Three Nights in Paris

Cynthia Rutledge

Sunday, December 3
 10:00 a.m. - 4:00 p.m.
Intermediate to Advanced




 


What we know today as the beautiful city, Paris, was originally settled by the Gauls of Parisii tribe in 250-200BC as a fishing village along the river Seine. Many centuries later, after a multitude of wars, devastating plagues and destructive revolutions, this romantic city has survived the test of time to remain one of the most exciting cites in the world. It took a succession of Kings and Emperors to rebuild Paris (many times) adding beautiful palaces, museums to rival any in the world, formal gardens, monuments and giant thoroughfares, in a mix of styles, but all reflecting the age of renaissance.

In the 17th century, cultural life in the city flourished. The first café/restaurant, Café Procope opened in 1672. In 1681 the first theatre opened in the Ile de la Cité (the original part of the city) called the Comédie Française and offered exciting plays and musicals.

As the city grew and developed in the 18th century, it became the center of an explosion of philosophic and scientific activity known as the Age of Enlightenment. The first encyclopedia was published in 1751-52 offering intellectuals across Europe a high quality survey of human knowledge. Cafés now numbered in the 400's. They became the meeting places for writers and scholars. These cafés were important centers for exchanging news, rumors and ideas, often more reliable than the newspapers of the day.

In the late 19th and early 20th century, Paris became the birthplace of modern art. This era was called La Belle Époque (the beautiful era) and the city was full of artists trying to make their way. Many masterpieces of literature, music, theater and visual arts gained recognition. Can you imagine the likes of Renoir, Picasso and Matisse (to name a few) hanging out and discussing art at a local café?

In the second half of the 19th century, Paris began to host Universal Exhibitions (five in all), which attracted millions of visitors. The expositions celebrated technology and industry. I would have loved to have been a visitor! Can you imagine visiting the booths of Alexander Graham Bell displaying his telephone, or Thomas Edison presenting his new phonograph? What about seeing the head of the Statue of Liberty before she was shipped to America?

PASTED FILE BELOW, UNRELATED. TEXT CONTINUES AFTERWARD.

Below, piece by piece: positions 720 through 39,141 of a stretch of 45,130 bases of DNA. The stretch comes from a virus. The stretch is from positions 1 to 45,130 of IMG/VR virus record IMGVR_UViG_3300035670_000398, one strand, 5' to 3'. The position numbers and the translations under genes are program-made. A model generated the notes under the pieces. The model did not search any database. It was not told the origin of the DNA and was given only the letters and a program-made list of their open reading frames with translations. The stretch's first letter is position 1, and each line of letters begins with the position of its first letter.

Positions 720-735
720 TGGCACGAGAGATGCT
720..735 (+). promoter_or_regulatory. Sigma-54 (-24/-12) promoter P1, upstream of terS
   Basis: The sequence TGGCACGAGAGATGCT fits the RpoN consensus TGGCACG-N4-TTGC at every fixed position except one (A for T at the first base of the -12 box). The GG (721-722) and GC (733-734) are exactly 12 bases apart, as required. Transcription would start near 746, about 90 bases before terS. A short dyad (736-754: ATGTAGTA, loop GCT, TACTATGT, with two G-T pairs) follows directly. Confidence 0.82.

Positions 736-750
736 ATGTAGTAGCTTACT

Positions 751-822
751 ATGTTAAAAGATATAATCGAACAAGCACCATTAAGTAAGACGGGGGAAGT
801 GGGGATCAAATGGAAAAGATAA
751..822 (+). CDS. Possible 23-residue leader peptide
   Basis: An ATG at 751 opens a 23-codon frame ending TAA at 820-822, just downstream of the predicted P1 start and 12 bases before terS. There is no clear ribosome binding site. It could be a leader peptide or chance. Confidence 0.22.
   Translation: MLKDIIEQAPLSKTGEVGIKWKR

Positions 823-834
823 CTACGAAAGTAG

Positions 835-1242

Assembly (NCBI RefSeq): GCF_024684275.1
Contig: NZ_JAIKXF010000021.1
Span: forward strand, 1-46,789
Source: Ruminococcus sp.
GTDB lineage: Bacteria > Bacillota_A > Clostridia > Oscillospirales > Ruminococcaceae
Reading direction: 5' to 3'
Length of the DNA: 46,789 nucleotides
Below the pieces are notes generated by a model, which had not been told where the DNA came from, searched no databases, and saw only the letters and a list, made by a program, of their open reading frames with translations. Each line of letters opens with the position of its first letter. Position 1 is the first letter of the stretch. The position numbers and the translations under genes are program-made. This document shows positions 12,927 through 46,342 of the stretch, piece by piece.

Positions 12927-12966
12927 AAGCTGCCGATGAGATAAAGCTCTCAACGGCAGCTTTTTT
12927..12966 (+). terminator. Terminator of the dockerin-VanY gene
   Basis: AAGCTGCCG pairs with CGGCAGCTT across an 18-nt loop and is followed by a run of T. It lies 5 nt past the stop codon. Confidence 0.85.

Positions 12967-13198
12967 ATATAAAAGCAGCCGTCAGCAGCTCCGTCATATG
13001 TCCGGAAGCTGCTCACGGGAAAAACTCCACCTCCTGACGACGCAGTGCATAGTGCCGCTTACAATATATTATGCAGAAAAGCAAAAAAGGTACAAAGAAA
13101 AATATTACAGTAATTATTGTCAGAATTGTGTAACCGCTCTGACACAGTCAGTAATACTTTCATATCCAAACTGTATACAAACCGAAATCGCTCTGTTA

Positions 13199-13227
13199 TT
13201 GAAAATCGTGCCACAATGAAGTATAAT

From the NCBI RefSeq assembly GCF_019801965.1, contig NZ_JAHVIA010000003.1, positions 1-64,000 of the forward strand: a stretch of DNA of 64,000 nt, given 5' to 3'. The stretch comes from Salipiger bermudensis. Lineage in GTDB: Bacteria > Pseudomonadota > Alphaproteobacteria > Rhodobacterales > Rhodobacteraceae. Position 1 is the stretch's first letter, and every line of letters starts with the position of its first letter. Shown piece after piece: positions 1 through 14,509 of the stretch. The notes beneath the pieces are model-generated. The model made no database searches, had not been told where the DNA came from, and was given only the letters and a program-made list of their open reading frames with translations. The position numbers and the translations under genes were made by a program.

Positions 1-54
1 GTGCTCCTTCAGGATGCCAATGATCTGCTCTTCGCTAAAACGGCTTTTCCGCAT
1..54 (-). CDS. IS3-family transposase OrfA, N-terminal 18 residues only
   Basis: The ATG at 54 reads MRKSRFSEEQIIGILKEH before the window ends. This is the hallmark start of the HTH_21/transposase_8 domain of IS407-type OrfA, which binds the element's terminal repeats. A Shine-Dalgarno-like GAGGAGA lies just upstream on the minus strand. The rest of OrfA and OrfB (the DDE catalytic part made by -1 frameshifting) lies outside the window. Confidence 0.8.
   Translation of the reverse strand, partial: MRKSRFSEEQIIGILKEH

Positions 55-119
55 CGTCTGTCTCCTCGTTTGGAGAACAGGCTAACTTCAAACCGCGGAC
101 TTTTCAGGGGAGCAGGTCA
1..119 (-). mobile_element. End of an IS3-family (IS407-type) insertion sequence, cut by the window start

The impressive Eiffel Tower is in easy view as you experience the first escalator and the world's largest Ferris wheel. The exhibitions also introduced talking films and art nouveau to the world. René Lalique exhibited his work at the Universal Exhibition in 1900 and was an immediate sensation. He offered jewelry, objects d'art made of bronze, ivory and glass. His success is legendary!

Three Nights in Paris is inspired by the all of the imagery I viewed while I was researching information about early Paris. As I was designing, I kept thinking about how amazing it would have been to visit Paris during the exhibitions and the wonders that I would have seen. As an artist, I am sure I would have been humbled (and inspired) by the skills of the artisans exhibiting. Wonders of the world!

This design evokes the blend of the Renaissance period, with the new and exciting, Art Nouveau style. A unique way of bezeling a pear CZ, offers a smooth shape and is much easier than the traditional way. Swarovski pearl cabs, with herringbone shaped embellishing, have an art nouveau feel. Flat peyote stitched necklace straps, interspersed with tiny bezeled 6mm CZ's, add just the right touch to this delicate necklace. Vive la France!
 

 

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